Home Special ReportDesign How it looks vs. how it works

How it looks vs. how it works

by Joe Ayoub

My first encounter with the term “design thinking” was five years ago, while researching a project for a client. At the time we were facing a “wicked problem,” a problem with multiple and inter-connected sources. The client’s team had tried all the traditional methods and tools and failed, so we were tasked with looking at how we could find unconventional ways of solving the issue.

What I discovered about design thinking was beyond my expectations, and it was one of those big “aha!” moments. What struck me was the realization that design is actually not how things look—as we have been accustomed to describe the design of, for instance,  flower vases—but it is about how things work; in the case of a vase, is it easy to handle, fill with water, put on a shelf? As the late Steve Jobs said, “Most people make the mistake of thinking design is what it looks like. People think it’s this veneer—that the designers are handed this box and told, ‘Make it look good!’ That’s not what we think design is. It’s not just what it looks like and feels like. Design is how it works.”

Since this epiphany, at Brandcell we took a deep dive into this discipline and now use design to solve key business challenges, designing growth strategies for major clients.

So what is design thinking? According to Tim Brown of global design company IDEO, “Design thinking can be described as a discipline that uses the designer’s sensibility and methods to match people’s needs with what is technologically feasible and what a viable business strategy can convert into customer value and market opportunity.”

Basically, design thinking is a methodology that we use to solve complex problems, and it is a way of using analytics with empathy, and using user-research to trigger and envision future innovations that lead to sustainable growth.

The design thinking process, or what is now called human-centered design, starts with understanding user needs and the job to be done. This is achieved by walking in the customer’s shoes with a large dose of empathy to discover the world through the lens of the customer’s declared and undeclared needs and aspirations. This leads to identifying key insights, which are translated into opportunities for innovation and problem solving, or what is called “framing the challenge.” This is followed by an ideation stage to design solutions that are: 1. desirable (for customers), 2. viable (for the company) and 3. technologically feasible (doable and differentiating). The third stage entails zooming in on a key solution and creating rapid prototypes for testing before roll-out. The last stage involves implementing and monitoring results.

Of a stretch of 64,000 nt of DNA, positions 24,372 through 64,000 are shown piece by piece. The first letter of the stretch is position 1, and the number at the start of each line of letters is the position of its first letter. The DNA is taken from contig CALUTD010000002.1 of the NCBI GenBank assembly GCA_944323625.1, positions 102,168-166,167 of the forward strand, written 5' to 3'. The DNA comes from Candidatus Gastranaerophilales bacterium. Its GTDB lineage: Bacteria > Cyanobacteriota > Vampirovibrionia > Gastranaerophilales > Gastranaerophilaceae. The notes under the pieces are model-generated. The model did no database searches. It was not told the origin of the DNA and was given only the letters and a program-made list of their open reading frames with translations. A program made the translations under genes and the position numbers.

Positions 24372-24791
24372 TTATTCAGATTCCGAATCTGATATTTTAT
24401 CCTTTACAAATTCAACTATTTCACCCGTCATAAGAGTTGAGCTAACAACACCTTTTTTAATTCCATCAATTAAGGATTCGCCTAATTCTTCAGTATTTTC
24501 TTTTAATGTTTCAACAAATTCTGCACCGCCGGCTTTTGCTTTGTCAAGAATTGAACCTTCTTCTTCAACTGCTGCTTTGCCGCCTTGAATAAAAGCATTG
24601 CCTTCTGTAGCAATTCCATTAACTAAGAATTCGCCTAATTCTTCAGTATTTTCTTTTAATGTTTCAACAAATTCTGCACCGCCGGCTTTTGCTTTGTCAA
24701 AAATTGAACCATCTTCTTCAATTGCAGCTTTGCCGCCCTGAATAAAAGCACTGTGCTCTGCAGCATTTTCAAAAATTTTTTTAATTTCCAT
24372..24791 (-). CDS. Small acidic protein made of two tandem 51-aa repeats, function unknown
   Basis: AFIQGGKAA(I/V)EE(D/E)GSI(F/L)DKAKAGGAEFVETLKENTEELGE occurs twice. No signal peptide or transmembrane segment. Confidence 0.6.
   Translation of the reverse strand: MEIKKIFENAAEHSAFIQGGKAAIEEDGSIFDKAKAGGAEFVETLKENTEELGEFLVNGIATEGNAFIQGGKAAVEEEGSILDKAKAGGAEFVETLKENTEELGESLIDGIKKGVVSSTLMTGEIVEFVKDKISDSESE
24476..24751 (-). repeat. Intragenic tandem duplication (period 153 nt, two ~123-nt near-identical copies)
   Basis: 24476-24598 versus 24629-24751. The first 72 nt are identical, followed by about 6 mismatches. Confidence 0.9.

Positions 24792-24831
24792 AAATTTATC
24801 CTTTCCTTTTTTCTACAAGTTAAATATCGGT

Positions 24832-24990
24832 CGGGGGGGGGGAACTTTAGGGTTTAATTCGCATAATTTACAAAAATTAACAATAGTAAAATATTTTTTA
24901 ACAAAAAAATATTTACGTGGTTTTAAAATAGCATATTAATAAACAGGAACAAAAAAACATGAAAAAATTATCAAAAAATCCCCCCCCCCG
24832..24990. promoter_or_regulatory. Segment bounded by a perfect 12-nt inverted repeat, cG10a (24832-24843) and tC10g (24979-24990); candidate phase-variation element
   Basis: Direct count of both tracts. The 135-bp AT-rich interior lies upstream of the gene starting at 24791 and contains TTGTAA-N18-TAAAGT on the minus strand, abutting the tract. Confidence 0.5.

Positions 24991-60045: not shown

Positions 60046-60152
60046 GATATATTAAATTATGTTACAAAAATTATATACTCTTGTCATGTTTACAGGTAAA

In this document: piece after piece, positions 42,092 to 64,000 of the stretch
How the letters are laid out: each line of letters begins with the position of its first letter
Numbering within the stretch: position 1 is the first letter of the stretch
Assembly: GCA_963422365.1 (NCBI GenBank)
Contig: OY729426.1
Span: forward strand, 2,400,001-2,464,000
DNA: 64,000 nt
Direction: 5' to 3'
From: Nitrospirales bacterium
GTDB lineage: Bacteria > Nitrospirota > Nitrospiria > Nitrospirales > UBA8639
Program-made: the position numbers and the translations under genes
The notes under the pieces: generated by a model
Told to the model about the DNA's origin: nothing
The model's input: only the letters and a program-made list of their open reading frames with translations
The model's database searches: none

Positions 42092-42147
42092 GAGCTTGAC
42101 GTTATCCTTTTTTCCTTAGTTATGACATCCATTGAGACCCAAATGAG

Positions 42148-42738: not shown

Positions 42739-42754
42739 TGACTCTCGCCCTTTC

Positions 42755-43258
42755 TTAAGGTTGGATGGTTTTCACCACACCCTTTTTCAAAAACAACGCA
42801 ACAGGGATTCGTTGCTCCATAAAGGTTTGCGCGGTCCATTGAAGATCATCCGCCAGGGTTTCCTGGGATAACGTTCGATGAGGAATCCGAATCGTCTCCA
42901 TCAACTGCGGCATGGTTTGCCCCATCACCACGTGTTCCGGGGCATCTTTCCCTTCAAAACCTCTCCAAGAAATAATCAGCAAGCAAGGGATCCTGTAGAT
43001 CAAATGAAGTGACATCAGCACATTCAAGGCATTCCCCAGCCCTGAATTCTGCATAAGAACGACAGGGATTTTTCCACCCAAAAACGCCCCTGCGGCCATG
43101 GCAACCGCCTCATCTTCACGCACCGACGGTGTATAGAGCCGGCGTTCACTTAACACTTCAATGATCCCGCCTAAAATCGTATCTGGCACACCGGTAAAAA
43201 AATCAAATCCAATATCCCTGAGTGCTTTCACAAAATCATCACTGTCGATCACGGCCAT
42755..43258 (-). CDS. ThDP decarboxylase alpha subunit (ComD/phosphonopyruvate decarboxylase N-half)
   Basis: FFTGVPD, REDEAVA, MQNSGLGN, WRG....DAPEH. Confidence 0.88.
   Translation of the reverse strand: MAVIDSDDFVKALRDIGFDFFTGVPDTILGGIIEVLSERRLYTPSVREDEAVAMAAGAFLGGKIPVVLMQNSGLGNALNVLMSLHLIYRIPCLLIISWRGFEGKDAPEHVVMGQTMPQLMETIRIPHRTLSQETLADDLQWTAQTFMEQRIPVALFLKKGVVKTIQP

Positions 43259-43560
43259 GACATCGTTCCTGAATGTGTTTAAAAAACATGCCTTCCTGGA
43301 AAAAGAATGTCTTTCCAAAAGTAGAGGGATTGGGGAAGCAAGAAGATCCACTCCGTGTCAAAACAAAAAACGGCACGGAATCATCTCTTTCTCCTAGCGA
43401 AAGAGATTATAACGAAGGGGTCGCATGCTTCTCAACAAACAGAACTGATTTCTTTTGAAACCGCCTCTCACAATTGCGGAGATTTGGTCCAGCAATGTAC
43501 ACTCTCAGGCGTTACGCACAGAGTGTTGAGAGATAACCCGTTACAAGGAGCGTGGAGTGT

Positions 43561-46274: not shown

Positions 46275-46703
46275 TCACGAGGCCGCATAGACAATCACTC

It is worth noting that in a lot of situations we are surrounded by bad design. Bad design is easy to achieve as it does not require high skills, and people do it all the time without much effort. It does not need much concentration to think about the best way to integrate the form and function of the object. However, the most worrying and insidious effect of badly-designed products or services is its impact on our well-being. Some examples include: complicated public administration processes that cause people to suffer because of a poorly thought-out service design; a frustrating call-center where no answers are given; bad product displays; difficult to read packaging; a back-breaking chair; a website with 100 steps to process one request; a one hour queue at a hospital. These bad designs make people’s lives more difficult and stressful. Design is therefore about moving things toward more desirable outcomes and more enjoyable experiences.